- Fine motor skills: uses a scissor to cut accurately on a line, writes, colors in the lines, cuts food
- Self help: can prepare a simple meal, uses toilet independently, independent with hygiene (wash face, brush teeth)
- Safety: can safely play outside independently, can state name/address and phone number

Of course, as a no-verbal child with cerebral palsy who can't walk or stand and who has very poor fine motor skills, she could not do those things either

Anonymous said...

About pictures -
When I was a school nurse, one of the early elementary grade teachers came into the break room laughing. She had just finished a 'name the starting letter' exercise with her class.
She showed us a picture of a wig with bright red hair (like clown hair color).
She had shown the class the picture and asked who knew what letter it started with. Only one little boy volunteered and he answered, "w".
She asked him to tell the class what the picture was so everyone could hear the starting letter. He proudly said, "My mom made it for dinner last night. It's Wasagna".

I have to say that that the picture resembled lasagna about as much as a wig (and, as it turned out, none of the class knew what a wig was).

And naming things -
One little boy was shown some pictures and asked to point to the picture that showed a dad. His response was to ask "what's a dad?"
His family member was able to clarify that he called his dad "papa". When asked to point to the picture of a papa, he pointed to the correct picture. He had the same problem with "point to the picture of a purse" (the word his family used was "pocketbook".
Using the words he knew, he could point to the correct picture BUT, the items could not be scored because the standard instructions say to ask the child "point to the picture that shows a dad...point to the picture that shows a purse"
Many kids run into similar problems with identifying "easy" pictures like "Grandmother" and "Grandfather". If your grandmother is "Mee-Mee" and your grandfather is "Pop-pop" or some other chosen name, if you answer incorrectly, is it because you don't understand the concept or have never actually used that word to refer to that concept?

Suzanne Warburton said...

I totally agree. Edward was tested at 70 - 85 as a partially verbal asd 3 year old. I was shell shocked. This is the same boy you at the age of 2 1/2 could read words we had no idea he knew. He is now 4 1/2 and loves learning the periodic table, the Russian alphabet, the English Alphabet, numbers, the solar system, the rainbow, the skeleton, the world map and states and capitals of the USA (we live in New Zealand), writing (everywhere). He is between 70 and 85 IQ and I am the queens sister.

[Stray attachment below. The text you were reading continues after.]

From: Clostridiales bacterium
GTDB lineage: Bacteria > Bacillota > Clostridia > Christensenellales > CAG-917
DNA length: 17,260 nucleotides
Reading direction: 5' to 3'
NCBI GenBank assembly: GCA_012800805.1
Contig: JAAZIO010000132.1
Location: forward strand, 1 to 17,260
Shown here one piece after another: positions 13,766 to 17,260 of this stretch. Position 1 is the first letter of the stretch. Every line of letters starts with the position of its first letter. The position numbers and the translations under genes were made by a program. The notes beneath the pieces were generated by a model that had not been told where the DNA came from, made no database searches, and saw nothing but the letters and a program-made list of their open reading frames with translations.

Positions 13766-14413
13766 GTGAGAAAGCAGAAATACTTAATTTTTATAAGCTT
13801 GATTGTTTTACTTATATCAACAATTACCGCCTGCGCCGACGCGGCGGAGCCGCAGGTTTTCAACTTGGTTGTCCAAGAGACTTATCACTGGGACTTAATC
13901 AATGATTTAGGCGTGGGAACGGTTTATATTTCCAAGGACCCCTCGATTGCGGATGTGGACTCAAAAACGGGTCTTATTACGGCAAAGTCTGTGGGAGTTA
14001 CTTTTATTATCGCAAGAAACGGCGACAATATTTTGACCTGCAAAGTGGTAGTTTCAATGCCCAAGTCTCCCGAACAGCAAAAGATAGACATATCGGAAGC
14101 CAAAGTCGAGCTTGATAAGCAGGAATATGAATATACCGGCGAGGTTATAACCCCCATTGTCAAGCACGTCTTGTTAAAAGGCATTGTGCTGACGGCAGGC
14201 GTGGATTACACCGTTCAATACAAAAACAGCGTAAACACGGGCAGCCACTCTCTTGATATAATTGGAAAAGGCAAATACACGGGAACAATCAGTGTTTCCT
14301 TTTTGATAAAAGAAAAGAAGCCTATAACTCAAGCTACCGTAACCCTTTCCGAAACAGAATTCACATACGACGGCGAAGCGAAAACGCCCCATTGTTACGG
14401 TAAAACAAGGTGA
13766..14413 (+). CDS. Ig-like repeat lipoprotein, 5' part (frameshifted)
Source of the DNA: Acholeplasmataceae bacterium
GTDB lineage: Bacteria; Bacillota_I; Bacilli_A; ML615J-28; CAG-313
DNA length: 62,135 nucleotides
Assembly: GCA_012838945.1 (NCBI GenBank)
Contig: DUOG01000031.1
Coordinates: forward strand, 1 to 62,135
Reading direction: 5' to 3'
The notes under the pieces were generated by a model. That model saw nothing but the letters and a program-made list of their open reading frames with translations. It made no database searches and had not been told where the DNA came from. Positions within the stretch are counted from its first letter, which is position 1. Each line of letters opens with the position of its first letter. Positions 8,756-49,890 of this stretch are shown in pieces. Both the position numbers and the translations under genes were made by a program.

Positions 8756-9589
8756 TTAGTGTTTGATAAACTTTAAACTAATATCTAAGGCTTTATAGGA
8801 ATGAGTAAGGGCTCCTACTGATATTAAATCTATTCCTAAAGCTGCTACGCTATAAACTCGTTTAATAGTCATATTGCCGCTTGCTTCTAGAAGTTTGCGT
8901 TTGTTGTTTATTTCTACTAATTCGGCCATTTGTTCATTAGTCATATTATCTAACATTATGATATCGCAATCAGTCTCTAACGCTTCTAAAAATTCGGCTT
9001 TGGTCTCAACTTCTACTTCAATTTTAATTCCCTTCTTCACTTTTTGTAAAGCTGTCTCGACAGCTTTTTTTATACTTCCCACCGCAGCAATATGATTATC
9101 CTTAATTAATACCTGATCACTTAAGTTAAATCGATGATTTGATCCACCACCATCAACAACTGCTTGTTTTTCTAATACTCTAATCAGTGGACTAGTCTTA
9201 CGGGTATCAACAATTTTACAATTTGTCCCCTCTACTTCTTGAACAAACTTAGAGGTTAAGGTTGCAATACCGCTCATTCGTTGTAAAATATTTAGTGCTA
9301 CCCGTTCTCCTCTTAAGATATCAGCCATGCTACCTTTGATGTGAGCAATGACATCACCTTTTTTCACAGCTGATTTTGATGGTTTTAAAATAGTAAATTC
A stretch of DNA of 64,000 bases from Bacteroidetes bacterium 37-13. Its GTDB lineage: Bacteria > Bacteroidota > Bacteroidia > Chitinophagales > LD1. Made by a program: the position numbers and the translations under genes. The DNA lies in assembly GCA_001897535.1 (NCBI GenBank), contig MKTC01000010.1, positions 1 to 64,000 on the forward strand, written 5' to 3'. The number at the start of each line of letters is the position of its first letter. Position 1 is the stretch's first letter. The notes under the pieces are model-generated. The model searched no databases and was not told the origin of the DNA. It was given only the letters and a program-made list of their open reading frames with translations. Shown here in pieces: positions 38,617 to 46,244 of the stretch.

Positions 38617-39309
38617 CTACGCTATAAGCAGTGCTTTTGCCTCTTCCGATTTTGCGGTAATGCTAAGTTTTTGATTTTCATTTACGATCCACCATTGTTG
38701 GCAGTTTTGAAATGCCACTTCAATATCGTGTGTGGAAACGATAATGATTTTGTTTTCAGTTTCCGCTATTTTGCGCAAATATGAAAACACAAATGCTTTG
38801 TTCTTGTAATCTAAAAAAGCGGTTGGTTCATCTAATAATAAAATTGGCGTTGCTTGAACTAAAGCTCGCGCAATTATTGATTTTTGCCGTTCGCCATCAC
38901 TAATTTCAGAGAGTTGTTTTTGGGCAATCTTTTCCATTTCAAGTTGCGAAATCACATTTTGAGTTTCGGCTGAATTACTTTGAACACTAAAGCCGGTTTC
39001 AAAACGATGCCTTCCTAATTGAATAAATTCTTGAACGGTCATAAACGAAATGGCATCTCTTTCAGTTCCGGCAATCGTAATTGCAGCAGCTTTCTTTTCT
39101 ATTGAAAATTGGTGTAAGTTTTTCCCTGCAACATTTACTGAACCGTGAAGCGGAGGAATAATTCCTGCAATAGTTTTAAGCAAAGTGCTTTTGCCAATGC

Suzanne Warburton said...

I totally agree. Edward was tested at 70 - 85 as a partially verbal asd 3 year old. I was shell shocked. This is the same boy you at the age of 2 1/2 could read words we had no idea he knew. He is now 4 1/2 and loves learning the periodic table, the Russian alphabet, the English Alphabet, numbers, the solar system, the rainbow, the skeleton, the world map and states and capitals of the USA (we live in New Zealand), writing (everywhere). He is between 70 and 85 IQ and I am the queens sister.

Unknown said...

I realised at a young age that my child had a communication problem. Her first word was a loud firm NO!! Later I realised that she spoke in opposites. when the bath was too cold she asked for more cold water - isnstead of hot; she often said no when in fact she meant yes! There were many arguements and she was frequently in trouble as I seemed the only one who understood this. Eventually she got to conventional school after being delayed an extra y ear. She failed Sub A due to an inexperienced teacher who taught the class nothing for 6 months and was only replaced after the local Educational PSychologist in private practise assesed her - the 14th child in her class to consult him and realised there was a serious problem with the teacher at that school - but the damage was done and she repeated sub A. She was having occupational therapy - and speech therapy - her concept of time was absolutely upsidedown. A lot of time and effort went into helping her to stay in main stream, but in grade three at last she was accepted into a remedial school. She thrived in the small classes, and in grade 7 we applied to have her join mainstream school again. The Conners reports were all positive except the Maths teacher, who claimed she would never manage. We sent her anyway with the understanding that if she did not manage we could take her back to the remedial school. at the end of grade 10 we had her assessed for career guidance by a professor of psychology. The feedback we got was astounding - she had been underperforming......at MATHS!!! We changed her maths calss to higner grade and she thrived. Today she is in her twenties, and has a diploma in IT software programming. SHe will always have verbal skills problems of comprehansion and expression but has learned to cope.